The Muttart is closed for rehabilitation work and will reopen in early 2021. The closure includes the Culina restaurant, bookings, rentals, programs and the pyramids.
Agave Americana in Bloom
After thirty-five years at the Muttart Conservatory, Beila, the towering Agave Americana plant, bloomed last December. It was a bittersweet moment because agave plants bloom once in their lives—just before they die.
Beila’s remarkable flower stalk first appeared on August 1, 2012 and resembled an asparagus shoot. Growing at an extraordinary rate, the stalk had nearly reached the apex of the Arid Pyramid by September. Thousands of tiny buds began to open in December, revealing countless light-yellow blossoms. Beila continued to bloom until mid-spring 2013.
In March, as growers prepared to remove Beila from the Arid Pyramid in which she had spent her life, they discovered that Beila had left them a gift. Beneath her fallen leaves, Bella had produced five offspring. Beila was left in place for another few weeks to give her babies their best start, and finally removed from the pyramids on May 24, 2013. The circle of life continued with the planting of a new Agave Americana where Beila had been. Currently, her five babies are being nurtured to adulthood.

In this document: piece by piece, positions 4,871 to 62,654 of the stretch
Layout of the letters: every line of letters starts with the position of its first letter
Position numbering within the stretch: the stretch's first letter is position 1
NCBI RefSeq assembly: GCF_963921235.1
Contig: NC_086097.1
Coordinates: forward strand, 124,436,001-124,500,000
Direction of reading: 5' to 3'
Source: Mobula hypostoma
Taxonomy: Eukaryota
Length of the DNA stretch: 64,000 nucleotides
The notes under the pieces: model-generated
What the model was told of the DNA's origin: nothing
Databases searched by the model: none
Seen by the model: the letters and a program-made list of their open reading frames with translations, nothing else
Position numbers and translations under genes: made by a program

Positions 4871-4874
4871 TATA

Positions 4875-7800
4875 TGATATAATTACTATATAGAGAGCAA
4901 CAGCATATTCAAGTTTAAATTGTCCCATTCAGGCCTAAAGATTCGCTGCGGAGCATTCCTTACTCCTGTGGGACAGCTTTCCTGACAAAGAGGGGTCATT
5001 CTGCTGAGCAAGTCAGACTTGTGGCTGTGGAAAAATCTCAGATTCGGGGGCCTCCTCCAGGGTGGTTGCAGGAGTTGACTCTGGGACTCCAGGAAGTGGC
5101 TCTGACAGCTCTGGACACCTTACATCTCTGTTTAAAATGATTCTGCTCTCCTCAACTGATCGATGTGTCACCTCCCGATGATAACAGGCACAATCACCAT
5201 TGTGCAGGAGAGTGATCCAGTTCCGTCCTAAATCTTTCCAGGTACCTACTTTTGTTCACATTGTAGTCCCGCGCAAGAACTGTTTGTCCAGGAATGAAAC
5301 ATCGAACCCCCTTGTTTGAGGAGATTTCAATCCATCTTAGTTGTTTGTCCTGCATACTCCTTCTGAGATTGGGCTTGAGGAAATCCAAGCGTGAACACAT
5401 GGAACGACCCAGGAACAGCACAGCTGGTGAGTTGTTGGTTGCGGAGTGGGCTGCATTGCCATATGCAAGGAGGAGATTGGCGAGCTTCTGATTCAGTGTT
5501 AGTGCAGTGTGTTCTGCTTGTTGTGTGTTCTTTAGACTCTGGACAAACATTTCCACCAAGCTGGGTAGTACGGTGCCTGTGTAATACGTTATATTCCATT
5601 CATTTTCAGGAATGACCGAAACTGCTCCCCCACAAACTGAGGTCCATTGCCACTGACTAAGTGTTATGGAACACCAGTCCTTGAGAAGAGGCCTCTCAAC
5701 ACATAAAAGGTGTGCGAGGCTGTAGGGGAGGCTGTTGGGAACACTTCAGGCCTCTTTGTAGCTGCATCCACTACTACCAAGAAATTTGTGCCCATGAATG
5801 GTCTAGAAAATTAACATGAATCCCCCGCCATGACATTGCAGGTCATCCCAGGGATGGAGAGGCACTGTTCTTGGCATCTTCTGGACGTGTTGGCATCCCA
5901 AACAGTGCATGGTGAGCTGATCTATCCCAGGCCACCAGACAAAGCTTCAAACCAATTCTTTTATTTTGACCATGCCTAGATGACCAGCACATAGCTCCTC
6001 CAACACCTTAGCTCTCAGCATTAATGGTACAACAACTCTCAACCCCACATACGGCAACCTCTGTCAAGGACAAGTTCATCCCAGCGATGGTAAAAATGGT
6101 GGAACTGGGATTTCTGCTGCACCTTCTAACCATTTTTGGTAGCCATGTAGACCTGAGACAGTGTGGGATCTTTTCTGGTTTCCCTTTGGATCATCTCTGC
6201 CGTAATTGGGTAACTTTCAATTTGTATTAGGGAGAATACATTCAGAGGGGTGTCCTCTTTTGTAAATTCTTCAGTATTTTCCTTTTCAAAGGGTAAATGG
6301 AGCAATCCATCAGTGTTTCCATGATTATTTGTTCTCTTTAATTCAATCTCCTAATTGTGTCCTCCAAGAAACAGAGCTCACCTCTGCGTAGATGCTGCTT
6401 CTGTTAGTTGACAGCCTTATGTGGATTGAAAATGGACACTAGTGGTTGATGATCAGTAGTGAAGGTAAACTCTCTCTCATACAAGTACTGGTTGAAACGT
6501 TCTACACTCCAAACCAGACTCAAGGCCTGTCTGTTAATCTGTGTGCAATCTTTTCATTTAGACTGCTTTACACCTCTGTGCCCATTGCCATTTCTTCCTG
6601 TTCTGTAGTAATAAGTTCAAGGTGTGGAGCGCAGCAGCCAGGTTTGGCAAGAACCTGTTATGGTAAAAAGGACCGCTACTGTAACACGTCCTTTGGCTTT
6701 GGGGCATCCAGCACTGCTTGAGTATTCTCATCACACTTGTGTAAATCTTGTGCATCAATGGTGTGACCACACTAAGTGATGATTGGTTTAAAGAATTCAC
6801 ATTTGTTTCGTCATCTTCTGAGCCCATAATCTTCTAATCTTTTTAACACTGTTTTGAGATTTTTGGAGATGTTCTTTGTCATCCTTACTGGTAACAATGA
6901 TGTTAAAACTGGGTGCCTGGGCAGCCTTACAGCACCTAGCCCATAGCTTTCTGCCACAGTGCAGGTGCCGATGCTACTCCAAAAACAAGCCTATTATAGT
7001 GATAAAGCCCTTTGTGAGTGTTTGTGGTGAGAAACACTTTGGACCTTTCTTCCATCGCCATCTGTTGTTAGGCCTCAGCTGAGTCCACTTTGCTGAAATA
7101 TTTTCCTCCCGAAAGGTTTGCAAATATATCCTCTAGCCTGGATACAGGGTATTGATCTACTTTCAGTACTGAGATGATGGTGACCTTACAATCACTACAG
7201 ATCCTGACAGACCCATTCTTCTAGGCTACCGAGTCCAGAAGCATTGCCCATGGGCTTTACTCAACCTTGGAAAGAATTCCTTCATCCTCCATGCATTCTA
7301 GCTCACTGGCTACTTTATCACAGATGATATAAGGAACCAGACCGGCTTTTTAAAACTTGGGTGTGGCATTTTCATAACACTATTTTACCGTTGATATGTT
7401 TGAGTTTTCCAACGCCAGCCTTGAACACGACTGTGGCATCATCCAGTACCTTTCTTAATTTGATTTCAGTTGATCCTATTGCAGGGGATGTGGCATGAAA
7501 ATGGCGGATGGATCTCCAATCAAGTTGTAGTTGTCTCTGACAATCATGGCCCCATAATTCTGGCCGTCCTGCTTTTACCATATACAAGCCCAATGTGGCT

About the Agave
- Beila, which means beautiful in Spanish, was chosen as the plant's name by Muttart Conservatory growers.
- Beila was originally planted by Muttart Growers James McIvor and Bob Dixon in 1977.
- Although known by their common name of “Century Plant”, Agave Americanas like Beila have a lifespan of only 7-40 years. The lifespan depends on many factors, such as water, light and temperature.
- Agaves are native to semi-arid regions of the United States and Mexico and appreciate warm, dry climates.
- A very popular drink is made from Agave Americana: tequila!
- None of Beila’s flowers produced seeds, as there were no insects in the Aird Pyramid to pollinate them. Something even more remarkable happened, however. In place of each flower grew a “bulbil” or small, identical plant. These bulbils were harvested by Muttart Growers and are being grown in Muttart’s back greenhouses. Potted bulbils are available for purchase at Muttart Conservatory.